The new press code needs you to flourish

2011-10-15 08:07

The media is an important element of our democratic institution. It is the only trade that is protected by name in the Constitution. This gives those of us who work in the industry ­tremendous privileges and responsibilities.

Sad to say, our media has not always lived up to the high standards it sets for others. Our code has proved itself outdated.The newly unveiled modifications to the press code have met the challenge faced by modern journalism head on.

They have come not a day too soon, especially when the media is facing an erosion of credibility, some of it justified and in other instances manufactured by those whose abuse of power our industry continues to expose.

For the first time the code recognises dignity, reputation and dignity as being worthy of protection and only to be overridden in pursuit of a ­legitimate public interest.

The code also expressly outlaws plagiarism ­instead of the previous industry norm of taking it for granted that journalists know not to steal ­other people’s work and pass it off as their own.

It also seeks to protect children by regulating that no child under 18 years of age can be interviewed, photographed or filmed without the consent of a parent or guardian.

However, on their own these important additions to the code will not totally eliminate bad journalism. Journalists have argued that for as long as newspapers are created by human beings, human error will from time to time rear its head.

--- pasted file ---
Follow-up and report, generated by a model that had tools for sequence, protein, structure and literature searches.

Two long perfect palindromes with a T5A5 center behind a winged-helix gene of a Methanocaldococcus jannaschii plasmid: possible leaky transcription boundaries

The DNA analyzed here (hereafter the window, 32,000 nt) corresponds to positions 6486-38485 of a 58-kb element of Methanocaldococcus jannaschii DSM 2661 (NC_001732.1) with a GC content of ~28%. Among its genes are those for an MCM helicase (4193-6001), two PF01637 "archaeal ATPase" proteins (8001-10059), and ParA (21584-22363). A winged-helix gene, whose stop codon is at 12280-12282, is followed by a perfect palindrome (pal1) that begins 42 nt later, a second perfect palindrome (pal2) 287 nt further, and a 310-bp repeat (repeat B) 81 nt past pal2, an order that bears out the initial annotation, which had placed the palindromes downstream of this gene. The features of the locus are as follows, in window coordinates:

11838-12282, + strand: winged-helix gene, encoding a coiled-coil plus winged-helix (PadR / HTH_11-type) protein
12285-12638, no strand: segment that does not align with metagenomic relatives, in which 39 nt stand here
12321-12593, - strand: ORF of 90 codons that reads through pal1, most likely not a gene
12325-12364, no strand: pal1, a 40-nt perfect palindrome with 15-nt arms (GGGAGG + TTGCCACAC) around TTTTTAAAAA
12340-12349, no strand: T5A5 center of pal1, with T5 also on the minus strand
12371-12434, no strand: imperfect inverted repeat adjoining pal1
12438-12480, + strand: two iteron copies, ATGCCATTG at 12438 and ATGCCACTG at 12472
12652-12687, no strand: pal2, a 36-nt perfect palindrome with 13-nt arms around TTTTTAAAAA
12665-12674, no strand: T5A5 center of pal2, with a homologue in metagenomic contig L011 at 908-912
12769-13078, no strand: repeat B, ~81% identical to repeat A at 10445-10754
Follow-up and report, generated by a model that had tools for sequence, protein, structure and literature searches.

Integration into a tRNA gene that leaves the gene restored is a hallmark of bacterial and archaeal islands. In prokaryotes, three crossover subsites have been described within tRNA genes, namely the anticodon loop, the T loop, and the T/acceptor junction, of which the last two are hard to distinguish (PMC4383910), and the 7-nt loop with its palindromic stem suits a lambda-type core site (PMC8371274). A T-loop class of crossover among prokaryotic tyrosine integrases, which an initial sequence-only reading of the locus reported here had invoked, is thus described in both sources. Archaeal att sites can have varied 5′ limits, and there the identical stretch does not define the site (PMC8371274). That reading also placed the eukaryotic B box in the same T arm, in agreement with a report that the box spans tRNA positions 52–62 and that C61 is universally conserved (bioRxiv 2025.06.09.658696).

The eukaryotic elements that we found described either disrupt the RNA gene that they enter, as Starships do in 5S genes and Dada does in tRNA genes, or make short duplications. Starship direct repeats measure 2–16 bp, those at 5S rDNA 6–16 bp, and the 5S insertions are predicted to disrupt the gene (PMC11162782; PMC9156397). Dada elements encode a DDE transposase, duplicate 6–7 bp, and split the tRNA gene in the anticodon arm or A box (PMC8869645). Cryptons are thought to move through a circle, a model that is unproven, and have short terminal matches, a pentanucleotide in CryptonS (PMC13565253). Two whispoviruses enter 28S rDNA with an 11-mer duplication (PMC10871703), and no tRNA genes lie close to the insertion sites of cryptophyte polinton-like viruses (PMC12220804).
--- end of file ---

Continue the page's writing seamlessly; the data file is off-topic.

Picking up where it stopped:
This is, however, not an excuse for producing poor quality journalism. What will go some way towards reducing incidents of poor journalism is a commitment by ­media practitioners to knowing and living the code.

Second, is that of the average citizen making an effort to familiarise themselves with the code and holding the relevant media outlet to account where it has flouted the rules of engagement.

The fixation in some quarters that the Press Council has made changes to placate the governing party misses the point altogether. What is important is whether the changes make sense and whether they respond to the problems the media and its consumers experience. Newspapers and readers have a symbiotic relationship. None of us should feel they are more important than the other.

A common understanding of the rules governing the gathering of news and expressing opinions is in everybody’s best ­interest. The worst that could happen is for the media to fail to rise to the challenge and for the public to continue with the perception that the media is a law unto itself.

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